Special Report

30 Most Destructive Wildfires in the US This Century

Source: usforestservice under Public Domain Dedication / Flickr

20. Martin
> Area burned: 435,569 acres
> State affected: Nevada
> Year: 2018
> Cause: Under investigation

The Martin Fire ignited on July 5 and tore through dry vegetation to become the largest blaze in the United States at that point in 2018,and the biggest single fire in Nevada’s history. It was not known how the blaze started. Hot, dry, and windy conditions, combined with vast amounts of dry grass — that had grown beyond normal levels because of heavy spring rains — accelerated the speed of the inferno, which burned more than 435,000 acres.

Source: Courtesy of Bureau of Land Management

19. Crazy Mountain Complex
> Area burned: 447,420 acres
> State affected: Alaska
> Year: 2009
> Cause: Unclear

The Crazy Mountain Complex of 2009 consisted of four smaller fires. Dense smoke from the infernos made it difficult for firefighters to get much needed aerial support and track the perimeter of the fire. The fire was fueled by unseasonably warm temperatures. Approximately 20 days after the complex was established, the 375 personnel assigned to the fire were able to get it under control.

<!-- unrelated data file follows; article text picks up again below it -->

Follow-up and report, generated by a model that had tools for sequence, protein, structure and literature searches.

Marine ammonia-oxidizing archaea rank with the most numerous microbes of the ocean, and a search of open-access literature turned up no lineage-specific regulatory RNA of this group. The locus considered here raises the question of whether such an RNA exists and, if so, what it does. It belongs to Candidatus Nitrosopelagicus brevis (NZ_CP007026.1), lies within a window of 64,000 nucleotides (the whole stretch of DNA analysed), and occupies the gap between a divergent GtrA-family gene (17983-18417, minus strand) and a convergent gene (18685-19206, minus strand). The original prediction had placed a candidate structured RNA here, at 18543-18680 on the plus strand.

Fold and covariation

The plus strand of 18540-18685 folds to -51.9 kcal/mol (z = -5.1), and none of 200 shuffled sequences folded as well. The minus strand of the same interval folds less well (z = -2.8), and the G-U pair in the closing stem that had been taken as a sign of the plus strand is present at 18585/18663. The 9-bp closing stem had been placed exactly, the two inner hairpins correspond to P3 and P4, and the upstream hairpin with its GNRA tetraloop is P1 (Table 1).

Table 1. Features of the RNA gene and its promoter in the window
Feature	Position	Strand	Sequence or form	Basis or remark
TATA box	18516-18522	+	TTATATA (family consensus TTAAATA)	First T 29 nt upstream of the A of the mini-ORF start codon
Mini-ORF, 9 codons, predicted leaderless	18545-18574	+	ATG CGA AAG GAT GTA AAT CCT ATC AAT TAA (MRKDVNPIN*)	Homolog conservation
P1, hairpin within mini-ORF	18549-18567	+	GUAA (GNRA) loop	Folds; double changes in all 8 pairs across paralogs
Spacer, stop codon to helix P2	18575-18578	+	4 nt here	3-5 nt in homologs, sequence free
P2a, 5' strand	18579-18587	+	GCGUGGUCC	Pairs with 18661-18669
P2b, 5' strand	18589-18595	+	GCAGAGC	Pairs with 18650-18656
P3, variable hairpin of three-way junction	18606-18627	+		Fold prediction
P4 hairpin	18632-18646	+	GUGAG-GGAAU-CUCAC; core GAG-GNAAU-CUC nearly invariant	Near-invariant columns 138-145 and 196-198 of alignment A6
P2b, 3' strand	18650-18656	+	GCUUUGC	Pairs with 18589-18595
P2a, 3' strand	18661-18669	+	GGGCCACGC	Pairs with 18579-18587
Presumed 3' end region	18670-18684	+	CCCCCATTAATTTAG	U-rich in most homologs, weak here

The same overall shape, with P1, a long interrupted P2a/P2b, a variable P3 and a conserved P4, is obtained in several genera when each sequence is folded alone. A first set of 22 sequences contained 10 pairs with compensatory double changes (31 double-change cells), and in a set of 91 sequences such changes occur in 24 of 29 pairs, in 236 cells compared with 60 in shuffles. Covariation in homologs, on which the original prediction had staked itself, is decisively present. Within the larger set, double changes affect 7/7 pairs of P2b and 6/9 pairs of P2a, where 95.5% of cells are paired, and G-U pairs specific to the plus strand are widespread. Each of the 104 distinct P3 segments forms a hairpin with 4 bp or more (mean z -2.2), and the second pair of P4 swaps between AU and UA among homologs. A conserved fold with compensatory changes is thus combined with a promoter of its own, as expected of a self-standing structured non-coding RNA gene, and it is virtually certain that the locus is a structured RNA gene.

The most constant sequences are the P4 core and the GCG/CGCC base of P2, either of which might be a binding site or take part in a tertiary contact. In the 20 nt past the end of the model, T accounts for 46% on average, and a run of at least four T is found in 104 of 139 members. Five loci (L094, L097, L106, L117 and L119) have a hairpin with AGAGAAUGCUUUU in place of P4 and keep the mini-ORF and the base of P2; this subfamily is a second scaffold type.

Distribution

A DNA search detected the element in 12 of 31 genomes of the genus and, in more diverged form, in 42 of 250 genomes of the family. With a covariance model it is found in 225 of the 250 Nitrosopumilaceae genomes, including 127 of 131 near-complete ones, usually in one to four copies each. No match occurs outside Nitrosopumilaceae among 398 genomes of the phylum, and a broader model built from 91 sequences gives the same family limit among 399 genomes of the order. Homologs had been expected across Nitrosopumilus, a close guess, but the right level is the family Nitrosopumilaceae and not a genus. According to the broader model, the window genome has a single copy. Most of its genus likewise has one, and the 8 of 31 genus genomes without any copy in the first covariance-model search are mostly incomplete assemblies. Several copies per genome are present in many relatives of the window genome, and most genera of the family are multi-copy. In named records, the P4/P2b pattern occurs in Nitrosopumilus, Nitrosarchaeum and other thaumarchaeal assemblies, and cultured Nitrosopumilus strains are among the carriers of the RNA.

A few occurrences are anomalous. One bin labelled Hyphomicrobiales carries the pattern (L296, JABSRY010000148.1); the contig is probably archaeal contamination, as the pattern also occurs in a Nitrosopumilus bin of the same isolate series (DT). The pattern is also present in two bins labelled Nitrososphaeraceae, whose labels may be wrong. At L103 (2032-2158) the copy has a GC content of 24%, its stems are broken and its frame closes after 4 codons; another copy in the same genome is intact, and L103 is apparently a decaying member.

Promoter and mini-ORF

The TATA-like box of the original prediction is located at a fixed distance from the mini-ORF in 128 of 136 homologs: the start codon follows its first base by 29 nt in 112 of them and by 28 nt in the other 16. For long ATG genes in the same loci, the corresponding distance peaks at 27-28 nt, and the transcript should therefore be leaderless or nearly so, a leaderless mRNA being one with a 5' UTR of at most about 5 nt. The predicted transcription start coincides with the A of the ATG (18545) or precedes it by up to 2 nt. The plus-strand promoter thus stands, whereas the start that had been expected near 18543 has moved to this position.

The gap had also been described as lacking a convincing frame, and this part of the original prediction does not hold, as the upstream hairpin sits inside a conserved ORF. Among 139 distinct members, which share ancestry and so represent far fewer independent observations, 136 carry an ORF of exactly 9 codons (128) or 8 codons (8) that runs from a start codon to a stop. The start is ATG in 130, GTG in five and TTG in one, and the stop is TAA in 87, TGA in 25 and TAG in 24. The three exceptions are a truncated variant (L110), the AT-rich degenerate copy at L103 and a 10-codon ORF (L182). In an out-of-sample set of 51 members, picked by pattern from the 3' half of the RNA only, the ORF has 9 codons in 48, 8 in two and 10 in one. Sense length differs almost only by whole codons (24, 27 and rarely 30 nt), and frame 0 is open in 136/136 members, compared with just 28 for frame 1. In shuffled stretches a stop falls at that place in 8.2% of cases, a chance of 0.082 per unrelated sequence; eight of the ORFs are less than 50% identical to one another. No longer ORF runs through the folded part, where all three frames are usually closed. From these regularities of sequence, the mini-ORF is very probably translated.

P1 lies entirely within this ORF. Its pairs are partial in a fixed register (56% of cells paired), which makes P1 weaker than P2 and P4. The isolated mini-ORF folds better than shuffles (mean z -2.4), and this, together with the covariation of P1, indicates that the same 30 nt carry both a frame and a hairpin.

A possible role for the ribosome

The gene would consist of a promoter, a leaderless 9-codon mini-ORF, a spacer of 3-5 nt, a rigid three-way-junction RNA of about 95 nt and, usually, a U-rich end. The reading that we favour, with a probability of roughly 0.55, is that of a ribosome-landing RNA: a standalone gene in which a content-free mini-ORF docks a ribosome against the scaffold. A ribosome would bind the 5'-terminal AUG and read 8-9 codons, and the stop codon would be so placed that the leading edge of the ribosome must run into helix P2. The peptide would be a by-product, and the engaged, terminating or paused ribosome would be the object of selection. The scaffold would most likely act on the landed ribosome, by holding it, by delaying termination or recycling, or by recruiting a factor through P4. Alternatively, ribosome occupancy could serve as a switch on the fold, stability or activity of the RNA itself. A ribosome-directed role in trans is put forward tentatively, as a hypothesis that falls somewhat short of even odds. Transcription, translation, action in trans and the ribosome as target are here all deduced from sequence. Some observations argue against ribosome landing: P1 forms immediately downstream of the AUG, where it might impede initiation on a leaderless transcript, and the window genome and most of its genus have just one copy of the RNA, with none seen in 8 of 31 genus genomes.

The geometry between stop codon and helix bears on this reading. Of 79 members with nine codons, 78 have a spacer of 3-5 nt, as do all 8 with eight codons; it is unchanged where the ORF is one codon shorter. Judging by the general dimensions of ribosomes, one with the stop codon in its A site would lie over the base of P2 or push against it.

Source: blmcalifornia under Public Domain Dedication / Flickr

18. Mendocino Complex
> Area burned: 459,123 acres
> State affected: California
> Year: 2018
> Cause: Accident

The Mendocino Complex Fire started in late July 2018. The blaze consisted of the River Fire and the Ranch Fire. Over 100 buildings were destroyed and thousands of fire personnel worked to contain the blaze.

Source: Courtesy of Oregon Forest Resources Institute

17. Holloway
> Area burned: 460,850 acres
> State affected: Nevada
> Year: 2012
> Cause: Lightning

From Aug. 5-25, 2012, the Holloway fire scorched nearly half a million acres of land in northern Nevada and southern Oregon. It was caused by a lightning strike about 25 miles east of Denio, Nevada. One firefighter was injured trying to contain the blaze.

Source: Courtesy of NASA, Visible Earth v1 ID: 13736

16. Rodeo/Chediski Complex
> Area burned: 468,638 acres
> State affected: Arizona
> Year: 2002
> Cause: Accident

The Rodeo Fire began on June 18, 2002, on the Fort Apache Indian Reservation near Cibecue, Arizona. Another fire ignited on Chediski Ridge, which is also on the Fort Apache Indian Reservation. The fires merged on June 22, and by the time they were contained on July 7, about 469,000 acres had been burned.

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